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I was going to need to add 1,000 baby brine shrimp to the spawning tank for an experiment. Okay, so how do I count 1,000 baby brine shrimp? I tried it. It's not easy. Then I got the idea that it would be easier to count the eggs. Since I know that 50 percent of the eggs hatch (my system is less than ideal) then all I have to do is count out 2,000 eggs and I should be in the ball park. This sounded easier than counting hatched shrimp but still not a walk in the park.

Then I get the brilliant thought that it should be easier to measure 2,000 eggs. I started with the count per teaspoon from the egg packaging and worked my way down through quarter and eighth teaspoons and kept dividing until I figured out that I need one-150th of a teaspoon. I accomplished this by using the same technique drug dealers use... or so I've heard. I spread a quarter teaspoon along the crease in a folded piece of paper and used a razor blade to divide the eggs in half. I repeated this halving until I had the number of eggs I needed. The only problem is that even this technique takes several minutes. There had to be a quicker, easier method... there was.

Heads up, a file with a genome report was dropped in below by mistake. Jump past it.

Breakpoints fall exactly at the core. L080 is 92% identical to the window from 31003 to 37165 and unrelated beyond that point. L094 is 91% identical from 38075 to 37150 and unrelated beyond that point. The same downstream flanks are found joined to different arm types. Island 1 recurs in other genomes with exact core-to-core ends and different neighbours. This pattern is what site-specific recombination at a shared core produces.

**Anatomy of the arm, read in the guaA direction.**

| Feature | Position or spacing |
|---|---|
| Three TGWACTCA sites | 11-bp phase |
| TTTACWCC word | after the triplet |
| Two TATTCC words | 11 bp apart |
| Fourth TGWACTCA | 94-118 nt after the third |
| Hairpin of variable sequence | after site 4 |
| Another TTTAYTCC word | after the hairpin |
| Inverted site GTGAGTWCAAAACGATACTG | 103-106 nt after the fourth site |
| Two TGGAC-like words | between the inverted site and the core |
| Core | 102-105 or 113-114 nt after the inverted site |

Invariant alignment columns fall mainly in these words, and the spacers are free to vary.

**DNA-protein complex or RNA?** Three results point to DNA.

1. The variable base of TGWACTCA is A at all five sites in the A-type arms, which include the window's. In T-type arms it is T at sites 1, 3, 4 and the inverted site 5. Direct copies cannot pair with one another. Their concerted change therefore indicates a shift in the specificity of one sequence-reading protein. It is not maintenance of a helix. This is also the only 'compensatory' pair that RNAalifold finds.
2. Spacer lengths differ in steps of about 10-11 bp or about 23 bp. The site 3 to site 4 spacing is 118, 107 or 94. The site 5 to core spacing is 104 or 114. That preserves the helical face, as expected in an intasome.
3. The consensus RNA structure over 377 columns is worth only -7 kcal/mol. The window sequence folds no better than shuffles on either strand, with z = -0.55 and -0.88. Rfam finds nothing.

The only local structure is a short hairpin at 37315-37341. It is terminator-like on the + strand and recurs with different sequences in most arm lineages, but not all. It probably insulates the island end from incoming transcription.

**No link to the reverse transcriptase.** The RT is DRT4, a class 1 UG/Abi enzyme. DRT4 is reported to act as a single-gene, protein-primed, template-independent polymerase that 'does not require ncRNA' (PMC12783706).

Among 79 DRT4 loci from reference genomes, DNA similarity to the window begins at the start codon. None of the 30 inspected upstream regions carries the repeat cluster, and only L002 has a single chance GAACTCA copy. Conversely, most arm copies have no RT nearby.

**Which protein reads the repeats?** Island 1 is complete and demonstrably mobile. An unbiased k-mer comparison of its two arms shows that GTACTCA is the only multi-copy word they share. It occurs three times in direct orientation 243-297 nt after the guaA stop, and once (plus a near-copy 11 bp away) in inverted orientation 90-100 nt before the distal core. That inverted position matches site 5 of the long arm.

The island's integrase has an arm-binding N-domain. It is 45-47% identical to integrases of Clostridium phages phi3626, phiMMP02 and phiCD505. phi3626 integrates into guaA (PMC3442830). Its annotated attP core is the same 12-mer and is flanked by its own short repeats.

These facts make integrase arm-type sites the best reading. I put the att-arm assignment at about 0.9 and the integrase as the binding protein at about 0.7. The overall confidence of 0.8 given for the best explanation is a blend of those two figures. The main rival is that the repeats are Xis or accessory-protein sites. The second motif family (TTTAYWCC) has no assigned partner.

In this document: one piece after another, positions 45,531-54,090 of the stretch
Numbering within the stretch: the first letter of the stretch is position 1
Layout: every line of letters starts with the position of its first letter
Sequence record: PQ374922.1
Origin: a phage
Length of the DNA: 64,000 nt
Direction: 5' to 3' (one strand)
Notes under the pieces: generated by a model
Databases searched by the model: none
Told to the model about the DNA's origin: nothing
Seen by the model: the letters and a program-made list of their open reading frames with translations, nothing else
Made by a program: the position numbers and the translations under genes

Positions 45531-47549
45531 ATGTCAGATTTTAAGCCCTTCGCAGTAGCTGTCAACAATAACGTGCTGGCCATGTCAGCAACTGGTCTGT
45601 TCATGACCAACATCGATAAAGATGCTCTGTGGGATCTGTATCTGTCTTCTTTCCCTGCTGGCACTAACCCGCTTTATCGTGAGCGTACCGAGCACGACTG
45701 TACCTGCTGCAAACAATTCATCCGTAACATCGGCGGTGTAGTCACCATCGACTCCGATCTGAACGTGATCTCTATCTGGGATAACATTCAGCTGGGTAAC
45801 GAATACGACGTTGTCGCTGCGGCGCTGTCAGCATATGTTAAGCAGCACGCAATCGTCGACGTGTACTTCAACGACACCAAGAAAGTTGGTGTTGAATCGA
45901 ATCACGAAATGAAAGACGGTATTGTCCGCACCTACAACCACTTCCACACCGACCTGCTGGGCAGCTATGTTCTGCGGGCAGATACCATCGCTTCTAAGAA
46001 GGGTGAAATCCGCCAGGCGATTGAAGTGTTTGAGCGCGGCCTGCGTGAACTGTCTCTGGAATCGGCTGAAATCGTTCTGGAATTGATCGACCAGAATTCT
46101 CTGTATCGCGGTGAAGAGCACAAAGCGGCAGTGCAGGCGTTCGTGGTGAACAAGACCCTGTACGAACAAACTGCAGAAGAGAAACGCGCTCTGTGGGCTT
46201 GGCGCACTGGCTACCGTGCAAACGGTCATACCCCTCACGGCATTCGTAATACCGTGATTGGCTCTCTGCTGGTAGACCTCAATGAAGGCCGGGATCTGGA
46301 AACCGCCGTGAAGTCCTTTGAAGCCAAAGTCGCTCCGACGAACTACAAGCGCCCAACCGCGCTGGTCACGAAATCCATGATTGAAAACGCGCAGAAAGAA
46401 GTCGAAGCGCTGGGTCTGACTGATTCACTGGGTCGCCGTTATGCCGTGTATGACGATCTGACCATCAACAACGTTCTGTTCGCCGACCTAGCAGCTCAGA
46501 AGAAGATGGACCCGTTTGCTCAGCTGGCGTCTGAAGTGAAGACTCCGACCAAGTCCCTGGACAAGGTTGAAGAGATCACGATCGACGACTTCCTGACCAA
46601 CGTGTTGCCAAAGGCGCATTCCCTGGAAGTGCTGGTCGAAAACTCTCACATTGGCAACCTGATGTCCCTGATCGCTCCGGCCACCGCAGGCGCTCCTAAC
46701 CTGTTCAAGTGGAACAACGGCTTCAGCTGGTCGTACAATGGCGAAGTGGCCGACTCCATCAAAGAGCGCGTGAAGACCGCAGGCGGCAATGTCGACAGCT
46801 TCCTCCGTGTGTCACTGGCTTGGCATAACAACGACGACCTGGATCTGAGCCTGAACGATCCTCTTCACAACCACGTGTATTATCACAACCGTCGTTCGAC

I simply took a blunt end of a bamboo skewer, dipped it in water, and used it to pick up the 2,000 eggs I'd measured out. Then I marked how high up on the stick the eggs came; it turned out to be 1/4 inch. Now when I need 2,000 eggs, I simple wet the end of the skewer, dip it into a jar of eggs up to the mark, and gently shake it so that I have a single layer. Two thousand eggs counted in two seconds!

I didn't quite make it to the mark so I'd estimate that there were 1,800 eggs on this skewer. Not bad for a few second's work!

Note: Salt Lake variety brine shrimp eggs are larger than the San Francisco variety I use and skewers vary in diameter so anyone wanting to use this technique should calibrate their counting system for themselves to make sure they're collecting the number of eggs they need.


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